Coach John Calipari of Kentucky has produced two top-two players out of the last two drafts, and likely the last two Rookie of the Year award winners. He’s likely to have three of his players in the top ten this year (John Wall, DeMarcus Cousins, Patrick Patterson). And if you need any further proof of Calipari’s ability to develop pros, you should take a look at Antonio Anderson.
Antonio Anderson has been playing in the D-League for the Rio Grande Valley Vipers, or, essentially, the Rockets’ farm system (four call-ups this season). He’s averaging 15 points, 5.9 assists, and 4.5 rebounds for the Vipers, and that’s after a significant dip in January. The 25 year old was called-up today by the Oklahoma City Thunder.
If the name rings a bell, you’ll remember him from the 2008 NCAA Championship Runner-Up (unless you ask the NCAA) Memphis Tigers. Now, a starting guard from a championship team making it to the league is not surprising. But what is surprising is that Anderson is now the fourth out of five starters for that team to be playing in the NBA.
Derrick Rose you’ll recognize as the reigning Rookie of the Year. Chris Douglas-Roberts is currently a reserve with the New Jersey Nets, who, yes, are still considered an NBA team. Joey Dorsey, who also spent time with the Vipers on-assignment) was traded from the Rockets to the Kings this week and should get more playing time with Jon Brockman’s injury. And now Anderson joins his fellow Tigers under the big lights.
Robert Dozier is now the only starter from the 2006 team to not play in the NBA. Dozier was drafted by the Heat in 2009 and currently plays in Greece.
There are a lot of questions about Calipari’s recruiting methods, but in a system that many feel exploits young athletes, Calipari certainly seems like a high-probability chance at getting to the A.
Which position – point guard, shooting guard, small forward, power forward or center – produced the best highlights last season?
Watch this video to find out and be glad the positional revolution didn’t reduce it fewer highlights.
Could you find your way out of LeBron James‘ head?
Now, you can find out.
An Ohio farm has created three corn mazes – one featuring LeBron’s head, one that says Believeland and one with a Larry O’Brien Trophy – to commemorate the Cavaliers 2016 NBA title:
Kevin Ollie made himself one of the NBA’s hottest coaching prospects by leading UConn to the 2014 NCAA title.
He has since resisted NBA overtures, including from the Lakers in 2014 and Thunder last year.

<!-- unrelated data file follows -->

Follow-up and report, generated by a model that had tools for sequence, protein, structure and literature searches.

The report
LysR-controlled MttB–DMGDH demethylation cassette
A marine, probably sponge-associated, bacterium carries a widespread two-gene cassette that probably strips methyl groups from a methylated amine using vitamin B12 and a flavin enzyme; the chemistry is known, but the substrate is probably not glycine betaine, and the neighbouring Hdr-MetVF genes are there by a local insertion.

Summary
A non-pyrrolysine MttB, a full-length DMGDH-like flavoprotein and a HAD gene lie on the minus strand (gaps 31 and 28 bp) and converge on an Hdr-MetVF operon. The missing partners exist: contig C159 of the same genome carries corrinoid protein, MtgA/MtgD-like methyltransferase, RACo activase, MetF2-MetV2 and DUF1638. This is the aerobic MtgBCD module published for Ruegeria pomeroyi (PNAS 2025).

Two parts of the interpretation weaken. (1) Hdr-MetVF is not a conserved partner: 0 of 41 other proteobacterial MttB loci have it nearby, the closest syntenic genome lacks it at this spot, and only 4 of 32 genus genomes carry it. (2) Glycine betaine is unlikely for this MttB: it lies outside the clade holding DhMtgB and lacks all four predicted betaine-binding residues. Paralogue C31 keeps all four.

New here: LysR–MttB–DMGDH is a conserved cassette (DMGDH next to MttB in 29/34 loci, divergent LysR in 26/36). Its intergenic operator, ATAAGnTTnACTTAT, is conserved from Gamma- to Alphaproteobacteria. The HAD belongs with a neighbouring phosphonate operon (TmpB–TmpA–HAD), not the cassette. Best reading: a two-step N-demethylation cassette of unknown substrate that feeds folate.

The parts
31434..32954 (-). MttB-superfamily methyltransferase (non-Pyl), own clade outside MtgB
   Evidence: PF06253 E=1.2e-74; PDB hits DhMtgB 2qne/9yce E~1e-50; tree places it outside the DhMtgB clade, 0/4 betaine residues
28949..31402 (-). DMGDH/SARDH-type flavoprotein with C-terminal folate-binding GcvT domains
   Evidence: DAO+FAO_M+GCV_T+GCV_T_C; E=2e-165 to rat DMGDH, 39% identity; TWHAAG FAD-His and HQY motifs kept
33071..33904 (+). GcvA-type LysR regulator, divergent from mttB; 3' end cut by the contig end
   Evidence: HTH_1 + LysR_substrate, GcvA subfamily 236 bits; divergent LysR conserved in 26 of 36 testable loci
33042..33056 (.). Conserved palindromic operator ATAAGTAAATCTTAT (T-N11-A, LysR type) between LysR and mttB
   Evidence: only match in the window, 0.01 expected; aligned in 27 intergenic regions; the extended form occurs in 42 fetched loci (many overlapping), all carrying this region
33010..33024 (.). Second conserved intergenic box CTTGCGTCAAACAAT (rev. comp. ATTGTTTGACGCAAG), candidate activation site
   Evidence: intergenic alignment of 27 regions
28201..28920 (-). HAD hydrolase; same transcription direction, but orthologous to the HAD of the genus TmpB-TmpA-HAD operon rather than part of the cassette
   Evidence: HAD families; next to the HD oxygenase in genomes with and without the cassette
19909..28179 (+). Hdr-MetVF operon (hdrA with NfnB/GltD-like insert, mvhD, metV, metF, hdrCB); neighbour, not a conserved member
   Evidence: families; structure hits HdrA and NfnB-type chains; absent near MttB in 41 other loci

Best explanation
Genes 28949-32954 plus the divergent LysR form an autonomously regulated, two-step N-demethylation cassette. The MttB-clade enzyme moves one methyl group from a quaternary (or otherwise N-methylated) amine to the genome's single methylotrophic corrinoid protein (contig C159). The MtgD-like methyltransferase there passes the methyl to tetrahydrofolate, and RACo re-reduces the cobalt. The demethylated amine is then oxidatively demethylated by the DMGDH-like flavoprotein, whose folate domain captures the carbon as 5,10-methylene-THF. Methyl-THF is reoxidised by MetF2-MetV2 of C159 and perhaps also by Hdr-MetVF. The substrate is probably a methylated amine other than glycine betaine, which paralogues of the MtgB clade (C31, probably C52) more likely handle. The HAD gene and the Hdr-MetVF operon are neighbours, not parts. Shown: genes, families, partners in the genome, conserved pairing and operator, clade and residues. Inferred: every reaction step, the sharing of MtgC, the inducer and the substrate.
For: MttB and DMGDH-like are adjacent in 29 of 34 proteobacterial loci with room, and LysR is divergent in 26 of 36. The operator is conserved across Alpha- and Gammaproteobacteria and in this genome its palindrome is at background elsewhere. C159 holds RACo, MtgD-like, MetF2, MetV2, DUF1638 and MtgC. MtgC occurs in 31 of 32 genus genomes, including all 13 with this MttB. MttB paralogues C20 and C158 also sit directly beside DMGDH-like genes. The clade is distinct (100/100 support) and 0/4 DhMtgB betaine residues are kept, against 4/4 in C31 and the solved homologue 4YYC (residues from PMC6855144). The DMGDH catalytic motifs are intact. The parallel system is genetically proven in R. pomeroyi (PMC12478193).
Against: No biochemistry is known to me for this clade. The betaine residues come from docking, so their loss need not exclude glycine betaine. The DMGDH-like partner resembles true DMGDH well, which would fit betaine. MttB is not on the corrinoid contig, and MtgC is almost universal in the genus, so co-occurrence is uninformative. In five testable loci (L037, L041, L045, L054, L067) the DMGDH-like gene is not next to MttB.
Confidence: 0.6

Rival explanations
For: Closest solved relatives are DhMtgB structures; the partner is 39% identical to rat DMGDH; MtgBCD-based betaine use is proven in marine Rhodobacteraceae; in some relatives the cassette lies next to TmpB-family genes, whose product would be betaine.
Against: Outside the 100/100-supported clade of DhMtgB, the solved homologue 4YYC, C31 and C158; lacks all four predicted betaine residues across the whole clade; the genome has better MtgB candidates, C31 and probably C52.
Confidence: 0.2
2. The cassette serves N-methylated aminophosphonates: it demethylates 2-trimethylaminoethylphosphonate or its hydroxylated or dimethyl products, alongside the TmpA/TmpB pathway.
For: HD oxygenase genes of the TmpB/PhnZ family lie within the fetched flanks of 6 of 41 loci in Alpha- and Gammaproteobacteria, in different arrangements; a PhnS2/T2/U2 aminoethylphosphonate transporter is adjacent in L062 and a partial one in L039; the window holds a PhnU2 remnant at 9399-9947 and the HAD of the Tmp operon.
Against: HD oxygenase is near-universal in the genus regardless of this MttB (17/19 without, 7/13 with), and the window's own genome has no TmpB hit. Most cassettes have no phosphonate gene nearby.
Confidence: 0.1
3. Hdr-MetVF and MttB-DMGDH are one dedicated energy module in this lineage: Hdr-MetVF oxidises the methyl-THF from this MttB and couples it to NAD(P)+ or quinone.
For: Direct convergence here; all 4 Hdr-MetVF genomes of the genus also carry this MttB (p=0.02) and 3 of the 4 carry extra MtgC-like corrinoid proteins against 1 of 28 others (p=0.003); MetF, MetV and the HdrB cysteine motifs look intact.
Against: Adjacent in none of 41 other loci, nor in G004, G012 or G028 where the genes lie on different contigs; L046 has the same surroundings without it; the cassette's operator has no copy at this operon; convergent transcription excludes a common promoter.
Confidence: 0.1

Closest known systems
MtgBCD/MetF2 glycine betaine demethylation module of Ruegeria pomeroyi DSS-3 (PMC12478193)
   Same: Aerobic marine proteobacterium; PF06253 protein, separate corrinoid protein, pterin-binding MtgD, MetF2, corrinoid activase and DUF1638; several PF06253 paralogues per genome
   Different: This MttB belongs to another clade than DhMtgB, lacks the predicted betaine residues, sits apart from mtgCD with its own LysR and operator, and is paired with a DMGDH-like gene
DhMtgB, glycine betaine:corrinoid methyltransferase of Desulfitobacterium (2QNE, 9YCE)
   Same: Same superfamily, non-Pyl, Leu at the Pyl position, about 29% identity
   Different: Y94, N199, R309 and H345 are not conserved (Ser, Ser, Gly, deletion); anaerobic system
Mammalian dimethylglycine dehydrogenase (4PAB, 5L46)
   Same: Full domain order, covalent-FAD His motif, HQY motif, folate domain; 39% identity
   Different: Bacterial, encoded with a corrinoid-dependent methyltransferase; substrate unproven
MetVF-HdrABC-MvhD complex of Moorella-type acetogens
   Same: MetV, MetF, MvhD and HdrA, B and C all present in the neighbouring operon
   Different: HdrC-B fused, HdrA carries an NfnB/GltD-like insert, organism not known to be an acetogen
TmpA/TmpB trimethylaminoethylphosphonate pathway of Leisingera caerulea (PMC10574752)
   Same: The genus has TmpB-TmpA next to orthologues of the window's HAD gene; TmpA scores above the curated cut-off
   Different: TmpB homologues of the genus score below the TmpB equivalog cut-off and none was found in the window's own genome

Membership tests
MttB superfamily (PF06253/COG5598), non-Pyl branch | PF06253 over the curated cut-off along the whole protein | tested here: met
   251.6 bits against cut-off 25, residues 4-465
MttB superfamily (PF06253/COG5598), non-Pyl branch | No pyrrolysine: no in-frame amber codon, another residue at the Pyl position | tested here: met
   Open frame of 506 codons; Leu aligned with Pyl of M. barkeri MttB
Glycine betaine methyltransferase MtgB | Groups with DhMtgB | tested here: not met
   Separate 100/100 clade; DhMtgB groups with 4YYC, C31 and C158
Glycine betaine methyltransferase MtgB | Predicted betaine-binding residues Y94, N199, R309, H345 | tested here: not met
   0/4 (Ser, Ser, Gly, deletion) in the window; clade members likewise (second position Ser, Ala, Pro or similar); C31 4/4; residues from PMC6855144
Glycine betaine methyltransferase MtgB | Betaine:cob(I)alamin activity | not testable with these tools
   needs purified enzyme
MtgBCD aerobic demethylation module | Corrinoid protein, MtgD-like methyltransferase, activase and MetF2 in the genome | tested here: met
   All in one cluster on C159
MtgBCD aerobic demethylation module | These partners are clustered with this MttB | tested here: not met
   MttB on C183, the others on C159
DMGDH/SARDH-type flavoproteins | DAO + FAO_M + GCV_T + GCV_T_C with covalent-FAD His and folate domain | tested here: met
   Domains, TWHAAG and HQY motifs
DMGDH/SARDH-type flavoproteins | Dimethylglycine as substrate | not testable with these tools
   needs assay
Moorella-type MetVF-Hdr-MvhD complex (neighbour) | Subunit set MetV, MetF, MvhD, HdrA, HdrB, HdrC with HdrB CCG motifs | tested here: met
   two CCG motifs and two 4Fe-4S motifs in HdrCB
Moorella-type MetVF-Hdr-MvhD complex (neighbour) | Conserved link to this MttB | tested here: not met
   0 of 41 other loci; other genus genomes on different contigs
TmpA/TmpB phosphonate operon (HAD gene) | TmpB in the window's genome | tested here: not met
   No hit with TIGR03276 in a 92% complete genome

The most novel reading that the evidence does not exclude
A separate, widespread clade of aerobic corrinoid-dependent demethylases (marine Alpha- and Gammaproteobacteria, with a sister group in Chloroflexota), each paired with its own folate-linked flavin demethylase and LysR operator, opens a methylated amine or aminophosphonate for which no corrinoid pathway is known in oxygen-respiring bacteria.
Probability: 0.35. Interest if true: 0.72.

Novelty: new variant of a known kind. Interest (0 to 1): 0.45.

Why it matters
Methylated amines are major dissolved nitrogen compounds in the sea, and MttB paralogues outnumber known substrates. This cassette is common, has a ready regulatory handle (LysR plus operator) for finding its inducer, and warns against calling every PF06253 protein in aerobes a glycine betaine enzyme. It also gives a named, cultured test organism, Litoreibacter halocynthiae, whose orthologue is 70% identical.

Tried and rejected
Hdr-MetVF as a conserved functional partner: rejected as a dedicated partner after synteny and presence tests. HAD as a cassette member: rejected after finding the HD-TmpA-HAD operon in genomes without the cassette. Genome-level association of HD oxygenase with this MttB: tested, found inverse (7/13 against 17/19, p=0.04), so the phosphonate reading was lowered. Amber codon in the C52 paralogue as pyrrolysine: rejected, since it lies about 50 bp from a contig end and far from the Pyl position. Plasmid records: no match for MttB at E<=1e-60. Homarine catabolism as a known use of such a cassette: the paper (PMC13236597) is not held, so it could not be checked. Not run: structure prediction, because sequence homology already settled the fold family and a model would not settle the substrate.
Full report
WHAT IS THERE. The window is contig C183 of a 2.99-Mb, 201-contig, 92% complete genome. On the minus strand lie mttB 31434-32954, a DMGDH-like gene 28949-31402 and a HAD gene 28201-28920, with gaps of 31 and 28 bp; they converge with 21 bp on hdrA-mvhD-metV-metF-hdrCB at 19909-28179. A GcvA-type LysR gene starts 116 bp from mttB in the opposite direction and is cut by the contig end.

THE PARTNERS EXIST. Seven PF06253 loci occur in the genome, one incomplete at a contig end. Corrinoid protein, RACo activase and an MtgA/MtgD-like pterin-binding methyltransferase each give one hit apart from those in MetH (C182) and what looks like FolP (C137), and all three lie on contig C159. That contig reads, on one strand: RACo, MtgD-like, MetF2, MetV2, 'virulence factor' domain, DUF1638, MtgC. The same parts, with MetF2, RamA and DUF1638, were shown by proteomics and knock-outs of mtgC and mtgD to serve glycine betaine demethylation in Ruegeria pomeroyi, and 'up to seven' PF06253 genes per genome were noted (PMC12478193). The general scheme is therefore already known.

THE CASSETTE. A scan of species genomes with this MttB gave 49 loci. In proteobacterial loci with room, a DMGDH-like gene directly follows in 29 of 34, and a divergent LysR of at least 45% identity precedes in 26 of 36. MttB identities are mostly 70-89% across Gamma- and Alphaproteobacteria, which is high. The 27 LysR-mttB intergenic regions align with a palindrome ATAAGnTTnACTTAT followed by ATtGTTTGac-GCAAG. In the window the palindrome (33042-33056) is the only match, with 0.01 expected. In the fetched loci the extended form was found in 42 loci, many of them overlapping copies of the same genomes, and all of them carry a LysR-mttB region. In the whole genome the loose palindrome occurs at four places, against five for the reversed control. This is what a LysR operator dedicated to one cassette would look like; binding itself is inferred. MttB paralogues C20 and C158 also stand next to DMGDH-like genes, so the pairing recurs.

But his peers don’t expect Ollie’s hesitance to last.
Gary Parrish and Matt Norlander of CBSSPorts.com asked more than 110 college coaches, “Which active college coach is best suited and most likely to next jump to the NBA?” The results:
Coach, college Percentage
Kevin Ollie, UConn 20 percent
Bill Self, Kansas 17 percent
John Calipari, Kentucky 16 percent
Jay Wright, Villanova 16 percent
Shaka Smart, Texas 9 percent
Tony Bennett, Virginia 8 percent
Note: Other coaches who received at least three or more votes: Sean Miller (Arizona), Larry Krystkowiak (Utah) and Avery Johnson (Alabama).
Keep in mind 80% of responds didn’t answer Ollie. But he’s still makes sense atop the leaderboard.
Ollie isn’t the typical college-to-NBA coach, and Brad Stevens and Billy Donovan – and maybe eventually Fred Hoiberg – are changing that perception, anyway. Not is Ollie showing his basketball acumen at Connecticut, his 13-year NBA career suggests he can translate his style to the next level.
Of course, Calipari always comes up on these lists. He coaches more future NBA stars than anyone, and he loves the attention that comes with the perception NBA teams are chasing him. But he has the best job in college basketball at Kentucky, so luring him will be difficult.
Self and Wright, the other coaches who got at least 10% of the vote, come up from time to time in NBA rumors. But it never seems to be anything that goes anywhere.
Frank Kaminsky ranked 119th of 165 big men in ESPN’s real plus-minus last season.
The eye test matched.
Kaminsky isn’t strong enough to defend inside, and he’s not mobile enough to defend the perimeter.
The assessment might sound harsh, but coming off his rookie season, Kaminsky put it just as bluntly.
Kaminsky, via Rick Bonnell of The Charlotte Observer:
“I’ve got to be a better overall defender. I was overwhelmed at times,” Kaminsky said. “My preparation, obviously, needs to get better. I so want to be a more consistent player. I’d have a good game and then disappear in the next.”
Kaminsky competes defensively, and Hornets coach Steve Clifford can work with that. Despite his shortcomings, Charlotte still allowed fewer points per possession with Kaminsky on the floor than off. That had plenty to do with whom Kaminsky shared the floor, but it’s evidence his defense is already at least tolerable.
As Kaminsky acclimates to the NBA, his defense could improve. He’ll never be a great leaper, and his length is pedestrian for his position. But he moves alright and plays hard. Add better defensive recognition, and he could be fine.